Formation

The Music We Need For Lent

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When the right song drifts into our lives at the right time, it can hook us beneath the radar of our rational defenses, turn us inside out, and draw out those bits of our selves we keep tucked away or cannot otherwise access.

At it’s best, this is what liturgical music has the power to do: swell up through the vernacular, flesh-and-blood, toes-in-the-dirt space in our lives and shape our bodies into a living, communal life with Jesus and one another.

If we want to enter a season like Lent, walking with Jesus into his death and resurrection, liturgical music helps open our hearts and shape our steps for being fully, genuinely present on that journey.

We Need an Auditory-Spiritual Detox

Walking with Christ on the road to the cross involves a plunge beneath our best attempts to be better or do more and soberly listen to the sound of our deepest ache.

We cannot take to the cross pain to which we are tone deaf, after all. Walking with Jesus to the cross is a healing journey of encountering holy love, and the season of Lent is space for uncovering what is lodged in our deep, pushing beyond habituated self-deception and distracting noise.

Walking with Jesus to the cross is a healing journey of encountering holy love, and the season of Lent is space for uncovering what is lodged in our deep, pushing beyond habituated self-deception and distracting noise. Click To Tweet

The problem is that finding the path for this journey with Christ can feel so elusive in our age.

The sound of our longings get drowned out by a cacophony of melodies that hook into our ache and pull us away from true life, deeper into our false self, toward death. These are pseudo-melodies crafted by the Empire, that false kingdom, parasitic on true life, competing for our loyalty and love.

We need an auditory detox from the pseudo-melody of the Empire.

The pseudo-melody of the Empire is the sound of consumption. Its enticing song promises cheap satisfaction that leaves us hollow, not more alive but closer to death. It inflates our ego and makes us less human. It’s the cadence that props-up systems of oppression in the guise of peace and security.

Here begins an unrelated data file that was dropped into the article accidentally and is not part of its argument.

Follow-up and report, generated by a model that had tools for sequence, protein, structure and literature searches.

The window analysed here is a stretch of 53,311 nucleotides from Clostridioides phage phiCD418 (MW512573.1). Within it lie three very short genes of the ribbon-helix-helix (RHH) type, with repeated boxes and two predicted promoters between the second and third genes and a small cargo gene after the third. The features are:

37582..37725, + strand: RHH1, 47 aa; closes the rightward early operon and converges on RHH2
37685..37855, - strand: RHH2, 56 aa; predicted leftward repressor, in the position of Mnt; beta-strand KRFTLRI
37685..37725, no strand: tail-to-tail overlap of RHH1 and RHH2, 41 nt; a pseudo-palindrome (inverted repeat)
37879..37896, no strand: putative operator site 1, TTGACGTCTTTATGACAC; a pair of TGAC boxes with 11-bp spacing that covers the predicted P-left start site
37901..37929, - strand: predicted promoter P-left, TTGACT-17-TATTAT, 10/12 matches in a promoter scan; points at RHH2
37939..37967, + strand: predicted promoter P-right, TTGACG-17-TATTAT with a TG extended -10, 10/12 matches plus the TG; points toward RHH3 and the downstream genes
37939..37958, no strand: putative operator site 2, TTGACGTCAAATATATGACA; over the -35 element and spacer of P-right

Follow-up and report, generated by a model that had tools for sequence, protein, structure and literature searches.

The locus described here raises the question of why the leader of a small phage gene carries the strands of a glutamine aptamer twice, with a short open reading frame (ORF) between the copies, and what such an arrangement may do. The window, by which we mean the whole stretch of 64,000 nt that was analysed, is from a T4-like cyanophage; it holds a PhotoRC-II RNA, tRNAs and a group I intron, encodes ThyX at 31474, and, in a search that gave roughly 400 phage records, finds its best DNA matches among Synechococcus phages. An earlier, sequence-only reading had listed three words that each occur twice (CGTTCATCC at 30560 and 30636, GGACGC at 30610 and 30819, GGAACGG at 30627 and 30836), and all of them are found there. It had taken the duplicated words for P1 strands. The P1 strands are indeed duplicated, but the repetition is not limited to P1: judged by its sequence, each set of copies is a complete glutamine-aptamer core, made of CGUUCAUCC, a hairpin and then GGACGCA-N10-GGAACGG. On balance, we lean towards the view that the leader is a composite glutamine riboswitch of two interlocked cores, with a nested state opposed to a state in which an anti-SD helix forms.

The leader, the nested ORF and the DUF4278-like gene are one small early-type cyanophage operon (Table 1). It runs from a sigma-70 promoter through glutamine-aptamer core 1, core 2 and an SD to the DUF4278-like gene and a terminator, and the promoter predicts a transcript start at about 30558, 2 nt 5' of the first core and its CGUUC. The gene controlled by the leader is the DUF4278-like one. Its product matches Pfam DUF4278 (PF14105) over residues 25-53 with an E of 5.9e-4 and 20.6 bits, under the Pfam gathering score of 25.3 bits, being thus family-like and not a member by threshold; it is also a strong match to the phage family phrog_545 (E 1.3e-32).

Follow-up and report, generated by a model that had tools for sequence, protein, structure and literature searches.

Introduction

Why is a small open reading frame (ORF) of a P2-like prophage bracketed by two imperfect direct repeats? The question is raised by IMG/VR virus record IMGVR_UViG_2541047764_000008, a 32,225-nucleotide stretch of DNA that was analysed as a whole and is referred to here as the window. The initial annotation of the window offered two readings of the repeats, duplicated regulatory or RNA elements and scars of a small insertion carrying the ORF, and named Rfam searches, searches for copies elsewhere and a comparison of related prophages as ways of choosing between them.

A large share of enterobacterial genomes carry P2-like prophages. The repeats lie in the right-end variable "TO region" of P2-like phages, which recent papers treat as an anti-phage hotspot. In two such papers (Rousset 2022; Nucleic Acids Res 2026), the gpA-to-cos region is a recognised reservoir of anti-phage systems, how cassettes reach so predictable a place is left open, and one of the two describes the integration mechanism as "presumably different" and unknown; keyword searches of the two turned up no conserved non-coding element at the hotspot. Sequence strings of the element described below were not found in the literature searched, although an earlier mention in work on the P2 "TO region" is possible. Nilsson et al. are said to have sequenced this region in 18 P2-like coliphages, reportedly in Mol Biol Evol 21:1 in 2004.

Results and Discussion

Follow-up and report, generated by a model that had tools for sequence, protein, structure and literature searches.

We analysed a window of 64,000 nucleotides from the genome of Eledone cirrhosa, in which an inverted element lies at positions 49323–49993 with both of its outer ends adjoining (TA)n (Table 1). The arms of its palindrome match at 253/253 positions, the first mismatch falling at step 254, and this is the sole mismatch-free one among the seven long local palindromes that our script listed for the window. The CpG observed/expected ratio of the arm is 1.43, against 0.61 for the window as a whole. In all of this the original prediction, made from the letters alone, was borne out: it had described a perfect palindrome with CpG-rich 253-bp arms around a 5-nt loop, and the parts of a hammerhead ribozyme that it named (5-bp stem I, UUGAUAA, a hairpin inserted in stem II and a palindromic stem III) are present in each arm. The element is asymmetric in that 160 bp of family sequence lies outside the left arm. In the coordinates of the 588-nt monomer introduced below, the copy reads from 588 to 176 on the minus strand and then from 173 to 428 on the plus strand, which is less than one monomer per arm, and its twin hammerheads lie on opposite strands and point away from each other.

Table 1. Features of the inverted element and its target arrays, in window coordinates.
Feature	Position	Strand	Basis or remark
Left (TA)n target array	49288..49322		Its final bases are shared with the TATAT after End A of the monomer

Into this world, the melody of the Crucified Christ issues forth an alternative cadence to help us detox from our disordered desires, guiding us out of consumption and death, and into true life and peace.

The true melody of Christ is the sound of communion. It may feel like death when we walk in sync, but this death is the surrender of our addiction to the Empire’s false promises. The death we experience is the necessary condition for resurrection, which is where the melody of Christ always leads.

Singing Our Way Through Lent

If walking with Jesus through Lent involves both spiritual detox and reorientation, then we cannot overlook the power of music in helping us make that journey together.

If walking with Jesus through Lent involves both spiritual detox and reorientation, then we cannot overlook the power of music in helping us make that journey together. Click To Tweet

This is good news, especially for those who feel like liturgical activities like observing Lent are daunting, confusing, or inaccessible. Entering Lent doesn’t have to depend on knowing or understanding archaic prayers and traditions. In fact, Lent is not best engaged on that level at all, but on the level where music takes us: the sub-rational places in the deep of our heart, where sighs too deep for rational explanations and solutions live.

And there’s even more good news: Within the soul of Christian communities in the U.S., a liturgical renewal is quietly bubbling up, particularly around the crafting of liturgical music.

Rather than describing cold, archaic sounds abstracted from our real lives, this liturgical music movement emerges from the language, sounds, and images “in the bones” of our actual, gritty lives and places. From that accessible, real place, liturgical music gives articulation to the true melody of Christ. We can thus join our own voice (and body) to these tunes and find ourselves caught up into Christ’s life.

Liturgical music, at its best, is also multi-vocal, gathering up and representing the diversity of Christ’s body. Thus, liturgical music seeks to be culturally particular while also expressing the reality that the true melody of Christ (in contrast to the pseudo melody of the Empire) can never be fully represented by or contained within one cultural voice. Liturgical music necessarily invites encounter with sounds unlike “our” own because in so doing we discover what it means to truly dance to Christ’s melody.

The collaborative music project “Liturgical Folk” has crafted a new album that does this work, specifically for aiding the journey through Lent. Their new album, Lent, is a 10-song narrative journey along the road to the cross, ever leaning toward resurrection. The album was crafted and recorded by a racially and generationally diverse group of men and women, bringing together simple-yet-historic language from Christian tradition with the sounds of Americana culture.

Why not sing your way through Lent this year?

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